During his scintillating summer, Cameron Norrie’s steady, incremental improvements took him to heights he never thought possible. While he established himself as a Wimbledon semi-finalist, an undeniable top-10 player and an opponent who will grind you to dust and savor every moment of it, one of his greatest qualities has been the level of consistently high base of his game. He has played few mediocre games and he rarely suffers bad defeats.
In his first US Open fourth round appearance against one of the best players in the world, Norrie put on a rare poor performance and was punished for it. Norrie fell steadily, with only a brief surge of anger at the end, losing 6-4, 6-4, 6-4 to Andrey Rublev.
It couldn’t have been a closer match on paper, the seventh seed against the ninth. They had taken contrasting paths until the fourth round. While Norrie hadn’t dropped a set, Rublev survived a five-set first-round brawl against Laslo Djere and then had a brilliant match against Denis Shapovalov, edging out the Canadian in a fifth-set tiebreaker.
Such a workload could have depleted Rublev’s energy levels before week two, but instead it sharpened his game after a tough summer. He arrived to a packed Louis Armstrong stadium.
In the early stages, both were solid on serve and no break points were generated in the first seven games. But at 4-4, Norrie missed a series of routine backhands, allowing Rublev the decisive first break of the set.
As the match continued, Norrie became progressively flat. He had naturally hoped to drag Rublev into long physical rallies and avoid unforced errors from Rublev’s relentless aggression, but it was Norrie who pulled out of their rallies early with errors. By the end of the first set, he had hit 12 unforced errors, exactly double Rublev’s number. Norrie particularly struggled with his reach and timing on his backhand wing, normally a rock-solid shot, which floated mistakes for a long time.
On the other side of the net, Rublev didn’t let go. He was extremely sharp and focused whenever Norrie threatened to pull out of the game and build momentum. In a long 2-1 draw in the second set, Norrie generated his first break point of the match. Rublev responded by landing a big first serve and then landing a forehand winner inside out.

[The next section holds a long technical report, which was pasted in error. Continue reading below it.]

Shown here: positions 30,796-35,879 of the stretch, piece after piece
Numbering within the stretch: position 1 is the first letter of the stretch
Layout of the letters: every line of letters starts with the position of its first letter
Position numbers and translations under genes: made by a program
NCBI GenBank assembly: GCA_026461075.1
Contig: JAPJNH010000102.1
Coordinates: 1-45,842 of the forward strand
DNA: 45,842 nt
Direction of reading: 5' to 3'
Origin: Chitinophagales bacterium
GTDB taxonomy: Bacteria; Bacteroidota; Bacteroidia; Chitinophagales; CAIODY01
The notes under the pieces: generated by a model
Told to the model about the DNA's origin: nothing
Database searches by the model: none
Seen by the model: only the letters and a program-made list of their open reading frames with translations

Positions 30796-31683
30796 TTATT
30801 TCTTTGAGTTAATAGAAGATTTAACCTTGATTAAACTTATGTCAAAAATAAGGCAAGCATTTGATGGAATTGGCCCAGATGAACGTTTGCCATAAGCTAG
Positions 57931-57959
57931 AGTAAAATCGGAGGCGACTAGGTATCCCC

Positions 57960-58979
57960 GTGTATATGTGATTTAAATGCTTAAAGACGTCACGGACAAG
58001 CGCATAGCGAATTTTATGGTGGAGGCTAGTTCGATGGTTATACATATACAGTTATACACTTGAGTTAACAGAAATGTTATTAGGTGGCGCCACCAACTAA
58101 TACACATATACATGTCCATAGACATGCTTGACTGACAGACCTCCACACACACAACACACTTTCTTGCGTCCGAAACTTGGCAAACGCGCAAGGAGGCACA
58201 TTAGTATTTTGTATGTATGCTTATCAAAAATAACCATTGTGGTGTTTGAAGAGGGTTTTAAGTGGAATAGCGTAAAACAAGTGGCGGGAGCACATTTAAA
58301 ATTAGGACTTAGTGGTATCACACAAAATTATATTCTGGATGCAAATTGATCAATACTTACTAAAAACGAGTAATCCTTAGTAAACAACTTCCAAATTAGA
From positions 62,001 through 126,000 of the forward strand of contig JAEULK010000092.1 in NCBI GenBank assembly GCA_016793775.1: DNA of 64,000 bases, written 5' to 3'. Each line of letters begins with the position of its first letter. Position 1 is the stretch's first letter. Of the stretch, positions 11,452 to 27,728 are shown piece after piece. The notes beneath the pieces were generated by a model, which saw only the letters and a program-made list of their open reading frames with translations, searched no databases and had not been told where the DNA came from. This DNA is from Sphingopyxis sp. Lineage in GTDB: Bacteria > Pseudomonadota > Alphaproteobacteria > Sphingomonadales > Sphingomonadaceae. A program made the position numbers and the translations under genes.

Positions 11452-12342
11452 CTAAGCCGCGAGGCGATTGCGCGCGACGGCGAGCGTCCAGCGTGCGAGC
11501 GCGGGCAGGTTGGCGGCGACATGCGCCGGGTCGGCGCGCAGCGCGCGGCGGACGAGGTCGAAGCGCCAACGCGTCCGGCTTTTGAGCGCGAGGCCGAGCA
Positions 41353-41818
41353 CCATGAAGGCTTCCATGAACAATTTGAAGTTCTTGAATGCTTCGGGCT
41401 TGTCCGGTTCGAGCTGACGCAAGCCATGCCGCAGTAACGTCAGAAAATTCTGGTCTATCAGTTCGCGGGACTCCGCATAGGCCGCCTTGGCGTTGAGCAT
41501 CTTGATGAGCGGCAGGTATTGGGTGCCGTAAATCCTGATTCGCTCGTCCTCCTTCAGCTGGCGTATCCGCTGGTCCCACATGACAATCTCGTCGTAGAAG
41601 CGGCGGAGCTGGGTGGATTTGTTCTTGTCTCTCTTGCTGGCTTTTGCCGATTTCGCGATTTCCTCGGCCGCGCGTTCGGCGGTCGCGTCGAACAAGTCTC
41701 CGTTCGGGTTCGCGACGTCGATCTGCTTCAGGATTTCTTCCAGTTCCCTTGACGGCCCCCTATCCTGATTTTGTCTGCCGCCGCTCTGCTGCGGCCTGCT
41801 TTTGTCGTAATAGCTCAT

Even when the rain started falling on Queens and the roof was erected, its momentum continued. Rublev facilitated the second set, then Norrie conceded the third with two straight forehand errors.
Moving quickly towards the exit, Norrie finally broke down. At 3-2, 0-15 on Rublev’s serve, Norrie responded to his 33rd error of the day by throwing his racquet to the ground, which cracked and earned a code violation. It was a rare outburst of anger for such a calm player and it immediately provoked a response as he angrily ripped three points in a row and collected the break. But it didn’t last long. As Norrie obediently lost serve at 4-4 in the third, Rublev held on to win.
In the end, Norrie put on one of his worst performances of the summer when he really couldn’t afford it. It’s also a tough loss in terms of his hopes of reaching the ATP Finals. While he would currently be in the top eight of the ATP race had he received points for his semi-final at Wimbledon, he is instead 11th.
Despite performing well below his lofty standards, a tough day doesn’t dampen the shine around Norrie and the immense progress he has made. It was only his second career Grand Slam fourth round and, despite being 27, he is still inexperienced at the end of the big tournaments. Rublev, who is 24, will now play in his sixth career Grand Slam quarter-final.
This will soon change. Norrie put himself in a position to continue making week two of the majors. Such is his progress, he can still end the week with another new achievement – depending on how Rublev and others below him fare, he could reach a new career ranking of eighth.
Cameron Norrie out of US Open after straight-set loss to Andrey Rublev